A few plants infected with tomato spotted wilt virus have turned up in Georgia, primarily in fields that were planted very early or in fields where Admire and Actigard were not used, Moore says. "There seems to be a lower presence of thrips this year."

Neonicotinoids are taking a lot of heat over alleged environmental problems, with a ban on outdoor spraying likely soon in the EU. If that sentiment spreads here, Admire could certainly be threatened. That would be a problem, Moore says, because none of the other alternatives are as effective in the suppression of tomato spotted wilt virus.

What effect will the exit of AOI have on the burley market? Daniel Green, c.e.o. of the Burley Stabilization cooperative, thinks acreage in Tennessee, the most affected state will at most be 10,000 acres and maybe less. For all burley states, he estimates 65,000 acres. Little  burley has been transplanted so far.

Dark down: An early production estimate of the 2018 fire-cured crop provided by Hail & Cotton leaf dealer indicated that about 50 million pounds will be the volume,1.5 million pounds less than a year ago. The acreage for this type is projected at 15,625, 1,000 acres less than last year. The same estimate for dark air-cured tobacco is 14 million pounds, about 1.2 million pounds less than in 2017. Acreage is projected down 14 percent--714 acres to 5,000.

The effect Chinese tariffs might have on American tobacco is very difficult to estimate, but whatever the effect, it won't be good, the dealer says. "Even if the tariffs are slow developing, they could cause us some losses just because of the uncertainty," he says. "The situation seems certain to benefit Brazil."

Speaking of Brazil...The current flue-cured crop, just harvested and now being marketed, appears to be heading to 1.28 million pounds, about 77 million pounds less that in 2017, according to the leaf dealer Hail & Cotton. Brazil also grows burley, and the current crop is estimated at 154 million pounds, down 24 million pounds from 2017.


  • The Georgia-Florida Tobacco Tour will take place June 11-13, beginning with a 7 p.m. Kick-Off Supper at Brown Lantern Restaurant, Live Oak, Florida, June 11.



Monday, April 16, 2018

What will happen to our Chinese market?

Spreading the word: Steve Troxler (shown here addressing the crowd at the N.C. State Fair a few years ago) and his staff at the N.C. Department of Agriculture worked tirelessly to make China tobacco a presence in N.C. What is he going to do now with leaf sales to China are in jeopardy? See his opinion piece below.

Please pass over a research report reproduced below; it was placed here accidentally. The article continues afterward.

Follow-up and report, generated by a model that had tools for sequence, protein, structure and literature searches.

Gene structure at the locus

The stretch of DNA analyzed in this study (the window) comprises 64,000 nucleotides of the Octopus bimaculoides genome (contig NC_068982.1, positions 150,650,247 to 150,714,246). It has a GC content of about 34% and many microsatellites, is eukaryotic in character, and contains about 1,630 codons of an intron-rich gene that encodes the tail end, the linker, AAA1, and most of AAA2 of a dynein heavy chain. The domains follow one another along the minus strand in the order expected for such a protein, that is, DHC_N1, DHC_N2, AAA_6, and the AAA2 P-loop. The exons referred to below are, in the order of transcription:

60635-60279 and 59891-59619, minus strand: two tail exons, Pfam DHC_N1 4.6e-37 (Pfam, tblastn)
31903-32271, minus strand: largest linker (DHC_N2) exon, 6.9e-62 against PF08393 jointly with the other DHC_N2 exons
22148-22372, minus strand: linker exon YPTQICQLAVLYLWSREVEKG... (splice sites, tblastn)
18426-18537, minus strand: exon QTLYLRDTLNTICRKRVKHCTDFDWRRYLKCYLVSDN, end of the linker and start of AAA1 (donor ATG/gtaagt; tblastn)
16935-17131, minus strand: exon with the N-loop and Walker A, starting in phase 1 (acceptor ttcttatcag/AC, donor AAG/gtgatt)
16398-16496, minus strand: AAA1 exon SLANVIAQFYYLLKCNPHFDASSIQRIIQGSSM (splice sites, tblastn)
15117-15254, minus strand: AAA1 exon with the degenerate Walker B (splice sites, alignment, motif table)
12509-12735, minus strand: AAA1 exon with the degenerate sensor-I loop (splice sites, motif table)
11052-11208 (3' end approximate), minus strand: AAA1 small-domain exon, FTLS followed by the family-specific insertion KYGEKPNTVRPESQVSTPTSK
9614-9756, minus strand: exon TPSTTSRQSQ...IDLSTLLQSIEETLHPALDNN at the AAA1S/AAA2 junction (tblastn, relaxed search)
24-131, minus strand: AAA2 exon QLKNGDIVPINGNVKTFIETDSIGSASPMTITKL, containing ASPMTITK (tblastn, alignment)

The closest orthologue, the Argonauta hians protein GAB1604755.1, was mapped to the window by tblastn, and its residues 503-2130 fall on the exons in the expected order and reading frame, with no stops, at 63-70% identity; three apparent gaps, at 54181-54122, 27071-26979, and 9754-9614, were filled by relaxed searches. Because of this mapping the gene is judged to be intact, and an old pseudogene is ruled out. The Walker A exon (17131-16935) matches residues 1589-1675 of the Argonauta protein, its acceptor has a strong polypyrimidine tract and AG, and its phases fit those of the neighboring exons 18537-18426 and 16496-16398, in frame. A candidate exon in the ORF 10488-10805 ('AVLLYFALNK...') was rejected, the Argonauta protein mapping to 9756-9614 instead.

Editor's note: I have received many good opinion pieces on the Chinese proposal to substantially increase tariffs on U.S. tobacco and tobacco products. And a few more on AOI's departure from the U.S. burley market. I have picked six that appear to me to "cover the waterfront." But if you have something to say, feel free to email it to me at the address above. 500 words or less if you can.--Chris Bickers

Market disruption may not last long. 
Commissioner of Agriculture

We worked very, very hard to get China tobacco buyers to come to North Carolina. Now they have become our No. 1 export destination. And quite frankly, that hard work paid off. It stabilized the declining contracts that farmers were getting. The number one agricultural export now from North Carolina to China is tobacco, at $156.3 million. We value the trading relationships we have worked to build over the years, and we want to continue to strengthen these and other trade partnerships. I want to be part of the solution, and I am hopeful that none of this comes to fruition. USDA Ag Secretary Sonny Perdue noted that farmers are patriots--and that is true--but [patriots] still have to pay the bills...The uncertainty is what's driving them [tobacco farmers] nuts. This could not have happened at a worse time for North Carolina farmers, who are still dealing with the aftermath of Hurricane Mathew and low commodity prices. We also have NAFTA negotiations ongoing and a Farm Bill in the works. We know there will likely be disruption for markets, but we hope it will be short-termed. We are going to have to wait it out. Nobody wins when you put a tariff on food.